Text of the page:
Exiting the water and going uphill to the right I was sad to see that the beaver friend who we had seen last time was not there to greet us. Moving along he pointed out the prehistoric hearth used by Native Americas and then made our way along several stream crossings. During this process we found what appeared to be a spool of kite string that must have been left by a previous visitor. As we proceeded on our journey, we traced it with the intention of removing it on our way out of the cave. Leave no trace!

On the way we moved past a data collection device from a scientific study monitoring temperatures and perhaps humidity levels with the cave and Ken pointed out a great example of a coral fossil in the cave wall. Moving past a large section of flowstone it wasn’t long before we encountered one of the first examples of cane torch stoke marks left by indigenous people exploring these very same passages. Continuing on our way Ken opined out a section on the ceiling that is a good landmark in that it looks like the face of an Easter Island status and then an impressive dome shortly after. The moisture level was far greater than my previous visit as we could hardly see the top of the dome.

Further still Ken took a moment to point out a great example of anastomosis. not long after we reached the Towering Inferno, a extensive climb up breakdown in a large dome that gets its name from the appearance of smoke, though actually water vapor condensing from air moving up towards the dome after passing by the cool stream water running below. Also, as you climb the temperature quickly rises and it feels significantly hotter. Reaching a resting point 2/3 of the way up, we could hear the loud and high pitch noise of a large number of gray bats roosting. From here, we climbed on a large diagonally slanted piece of breakdown and proceeded to have each child in our party use my knee and a handline to climb up another slab that leads to The Only Crawl (lies!). After that crawl we made our way down a slope and to the camp and register. Here it was time for a snack and water break. We took a few additional minutes looking up our last trip in the register and took the opportunity to add this trip before proceeding.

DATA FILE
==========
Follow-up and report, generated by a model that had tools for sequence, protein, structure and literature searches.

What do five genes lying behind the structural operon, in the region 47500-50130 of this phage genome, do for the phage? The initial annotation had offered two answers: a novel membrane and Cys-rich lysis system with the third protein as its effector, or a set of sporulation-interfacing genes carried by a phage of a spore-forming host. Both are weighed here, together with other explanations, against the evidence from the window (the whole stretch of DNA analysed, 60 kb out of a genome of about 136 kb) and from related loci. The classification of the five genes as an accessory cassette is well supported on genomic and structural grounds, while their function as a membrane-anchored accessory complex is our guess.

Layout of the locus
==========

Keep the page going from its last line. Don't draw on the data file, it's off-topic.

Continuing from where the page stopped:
Knowing that we were close to our destination we took a moment to look at a section of wall that had some great examples of gypsum flowers and selenite needles. Moving beyond, we made our way up a decent climb and then onto the breakdown field that leads to what I call the Blue Hole (no official name on the map), a waterfall that drops into a pool of water 60 feet below. At the blue hole you can still see a section of what appears to be carpet, likely shag that was once used to protect rope as a caver lowered themselves down to explore the area at the base of the falls, speaking to the time period which that likely occurred.

From the Blue Hole it wasn’t far to the roped off entrance to Aborigine Avenue where we took the opportunity to explain to the kids the importance of the area which we were entering and why they needed to be exceptionally careful not to disturb its contents. Moving along into the passage we made our way up and down several slopes and climbs admiring the various formations along the way and weaved along several twists in the passage before reaching an area circled by plastic tape and rocks with a significant amount of charred torch remains where Ken suspected that indigenous people set an entire bundle down, letting it burn and light the area. Perhaps it was a rest stop?